Introverts make great teachers too

Lonely tree

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I really dislike the stereotype that a teacher needs to be an extroverted, demonstrative personality. I’m not saying it isn’t stupendous for colourful personalities to be teaching our kids. I simply find it unfortunate that this perception of the profession prevents amazing teachers from entering or staying in it. Introverts are often very reflective and less interested than extroverts at dominating talk. In other words, they don’t need to be the centre of attention. Isn’t that one thing we need more of?



  1. I totally agree, Royan. The way I approached my job was to consider it as theatre; improvisational theatre is a mandatory professional skill for all teachers. I think it does take more energy for introverts to teach as we need to recharge with “I time.”

  2. I very much agree as well. In my experience often students find less opportunity to partipate in class and in their learning with an extrovert teacher.

  3. Couldn’t agree more. I think a quality of a good teacher is they aren’t the center of attention. You have a job to do and certain responsibilities but your students should be learning the most from each other and on their own. A good teacher will step aside and let that happen.

  4. I enjoy your blog. I would agree I think we limit ourselves by saying that it takes (…..) in order to be successful. I truly believe that success is built by the passion and intention of the person who is trying. The support of those people plays a significant role and those who are less extroverted tend to be less supported. We all have a song to sing or a lesson to teach. Regardless of what others believe.

  5. Thanks for your post!

    I have often received feedback over the years from District staff that I’m too quiet and don’t say enough. However, that was not always the case in my classroom with students and has not always been the case around schools with colleagues.

    What was/is important to me, though, was that in my classroom and in meetings the focus was/is not about me. It was about the students in my class and is about everyone around the table in meetings.

    I often think about this in meetings and hiring & promotion processes. For so many years I’ve watched the advancement of the extroverted types who put themselves out there in such a way that their presence is always felt and dominant in every situation. Does being introverted prevent a person from leading or contributing? I don’t belive so.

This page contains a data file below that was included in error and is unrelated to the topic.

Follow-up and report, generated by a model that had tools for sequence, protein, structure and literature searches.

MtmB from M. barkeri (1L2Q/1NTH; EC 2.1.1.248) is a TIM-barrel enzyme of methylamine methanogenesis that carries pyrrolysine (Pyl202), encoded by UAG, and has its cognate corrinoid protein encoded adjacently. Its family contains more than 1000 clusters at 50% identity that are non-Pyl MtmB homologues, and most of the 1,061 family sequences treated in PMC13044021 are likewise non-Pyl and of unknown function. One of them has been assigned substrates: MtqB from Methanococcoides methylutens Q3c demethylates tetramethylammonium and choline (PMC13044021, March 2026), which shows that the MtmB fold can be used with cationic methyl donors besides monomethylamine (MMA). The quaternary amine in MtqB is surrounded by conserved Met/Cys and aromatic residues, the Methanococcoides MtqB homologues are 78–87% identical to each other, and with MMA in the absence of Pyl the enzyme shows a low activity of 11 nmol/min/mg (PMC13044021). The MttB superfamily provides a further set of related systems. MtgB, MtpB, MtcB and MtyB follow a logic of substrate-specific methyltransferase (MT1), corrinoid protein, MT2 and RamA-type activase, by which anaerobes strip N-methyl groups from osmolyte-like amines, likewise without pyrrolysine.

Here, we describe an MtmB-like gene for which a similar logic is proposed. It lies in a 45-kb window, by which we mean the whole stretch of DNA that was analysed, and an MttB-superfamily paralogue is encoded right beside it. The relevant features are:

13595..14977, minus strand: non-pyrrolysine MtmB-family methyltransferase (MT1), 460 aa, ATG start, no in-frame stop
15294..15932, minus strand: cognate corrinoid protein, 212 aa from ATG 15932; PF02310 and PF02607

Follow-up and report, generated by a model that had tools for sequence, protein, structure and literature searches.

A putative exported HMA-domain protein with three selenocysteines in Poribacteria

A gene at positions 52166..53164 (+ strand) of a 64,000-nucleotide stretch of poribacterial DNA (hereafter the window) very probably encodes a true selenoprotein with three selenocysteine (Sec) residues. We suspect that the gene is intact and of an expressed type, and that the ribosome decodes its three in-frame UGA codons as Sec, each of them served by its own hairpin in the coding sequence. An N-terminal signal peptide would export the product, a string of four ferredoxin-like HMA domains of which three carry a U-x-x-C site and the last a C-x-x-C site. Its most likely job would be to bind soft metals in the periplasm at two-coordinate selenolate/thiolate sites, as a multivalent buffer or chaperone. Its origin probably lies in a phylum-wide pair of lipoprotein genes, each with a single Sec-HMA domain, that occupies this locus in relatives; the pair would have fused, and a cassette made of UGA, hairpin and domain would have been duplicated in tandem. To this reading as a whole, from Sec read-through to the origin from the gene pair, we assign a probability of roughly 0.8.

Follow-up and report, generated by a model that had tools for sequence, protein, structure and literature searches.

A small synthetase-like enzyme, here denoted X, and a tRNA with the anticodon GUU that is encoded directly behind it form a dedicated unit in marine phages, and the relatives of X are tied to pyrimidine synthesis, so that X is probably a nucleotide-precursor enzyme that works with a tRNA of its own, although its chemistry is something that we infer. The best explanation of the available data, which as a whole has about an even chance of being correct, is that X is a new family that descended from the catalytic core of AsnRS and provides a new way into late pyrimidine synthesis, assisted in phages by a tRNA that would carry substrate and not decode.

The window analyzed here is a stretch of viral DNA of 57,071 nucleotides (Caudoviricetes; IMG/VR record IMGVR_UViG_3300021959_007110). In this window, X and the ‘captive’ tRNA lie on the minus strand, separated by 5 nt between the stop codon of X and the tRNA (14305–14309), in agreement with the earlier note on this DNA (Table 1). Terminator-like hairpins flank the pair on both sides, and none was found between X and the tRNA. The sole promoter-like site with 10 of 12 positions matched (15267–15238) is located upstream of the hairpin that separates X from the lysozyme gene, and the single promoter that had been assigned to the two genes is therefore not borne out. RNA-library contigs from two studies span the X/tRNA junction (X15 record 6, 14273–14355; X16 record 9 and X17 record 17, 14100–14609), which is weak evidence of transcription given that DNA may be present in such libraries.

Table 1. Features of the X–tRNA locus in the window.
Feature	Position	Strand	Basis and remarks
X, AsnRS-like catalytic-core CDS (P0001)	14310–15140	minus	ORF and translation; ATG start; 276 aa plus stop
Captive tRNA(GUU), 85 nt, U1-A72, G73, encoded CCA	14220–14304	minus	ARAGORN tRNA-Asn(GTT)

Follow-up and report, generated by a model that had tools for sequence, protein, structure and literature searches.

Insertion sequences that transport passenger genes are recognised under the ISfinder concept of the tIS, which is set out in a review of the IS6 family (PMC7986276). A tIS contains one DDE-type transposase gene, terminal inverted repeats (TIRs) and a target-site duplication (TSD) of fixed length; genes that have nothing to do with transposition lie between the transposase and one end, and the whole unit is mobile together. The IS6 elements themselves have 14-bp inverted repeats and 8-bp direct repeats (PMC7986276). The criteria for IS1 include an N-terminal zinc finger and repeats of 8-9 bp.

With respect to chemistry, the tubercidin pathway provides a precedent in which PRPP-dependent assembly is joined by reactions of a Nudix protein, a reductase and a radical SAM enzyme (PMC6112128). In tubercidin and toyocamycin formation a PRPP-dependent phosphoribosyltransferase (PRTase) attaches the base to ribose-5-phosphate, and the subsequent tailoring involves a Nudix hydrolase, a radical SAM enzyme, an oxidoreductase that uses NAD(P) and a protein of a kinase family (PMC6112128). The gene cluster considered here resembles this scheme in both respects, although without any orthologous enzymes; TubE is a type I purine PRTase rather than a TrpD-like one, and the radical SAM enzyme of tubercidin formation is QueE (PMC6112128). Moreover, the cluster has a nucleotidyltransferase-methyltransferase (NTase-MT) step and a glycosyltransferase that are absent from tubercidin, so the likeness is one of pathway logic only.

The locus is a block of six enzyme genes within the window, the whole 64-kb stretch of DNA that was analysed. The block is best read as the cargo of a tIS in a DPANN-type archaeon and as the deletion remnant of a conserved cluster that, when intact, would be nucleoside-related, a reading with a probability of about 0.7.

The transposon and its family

There’s a lot to be said for soaking it all in, reflecting, and interjecting/responding when appropriate, or at the very least in consideration of everyone else.

  6. great post. as an introvert myself I couldn’t agree more. my own journey has been an interesting one as I’ve come to realize that whether you’re an introvert or an extrovert, what it comes down to is learning how to lead others. learning what they need to succeed, and learning to put yourself to the side so that others can step up. leading is a difficult skill and some areas are easier for the extros, while others for the intros. the real challenge is learning when to talk, and when to listen.

  7. Amen! As an introvert who remembers how it was to be a student and who currently teaches, I couldn’t agree more that education (and American culture, at this point in history) is heavily geared towards extroverted personalities. I remember how stressful it was to spend 7-10 hours every day with my peers, the emphasis on group projects, and constantly being made to feel like something was wrong with me because I was “quiet”. After spending some time outside of the K-12 world (thankfully, university life was much more forgiving), I’m back in it again and getting the same “quiet” complaints.

    Introversion is often mistaken for shyness and/or lack of assertiveness. This is not the case. While some introverts may be shy (especially given that they often enter social situations with the notion that others are already judging them negatively due to their natural characteristics), and some may lack assertiveness, these traits are not interchangeable. An extrovert can suffer from terrible stage fright and be a “people pleaser” while an introvert can be extremely comfortable sharing her ideas with close friends and talking with her feet.

    The fact of the matter is, there are introverted students in the classroom who are undervalued and it is usually the introverted teacher who picks up on this (while the extrovert just complains, “he/she’s too quiet”). Of course introverted teachers can make valuable contributions…as can introverted actors, activists, businesspeople, etc. As a student, I didn’t learn the most from the loud, bubbly teachers…in fact, the ones that left an impression tended towards taking a backseat while challenging us as students to draw our own conclusions.

  8. It bothers me in my degree that as an introvert my teaching style doesn’t ‘fit the mould’ therefore I will be punished for that. My introversion doesn’t prove I’m shy. If anything I’m the one with the most confidence in the class!

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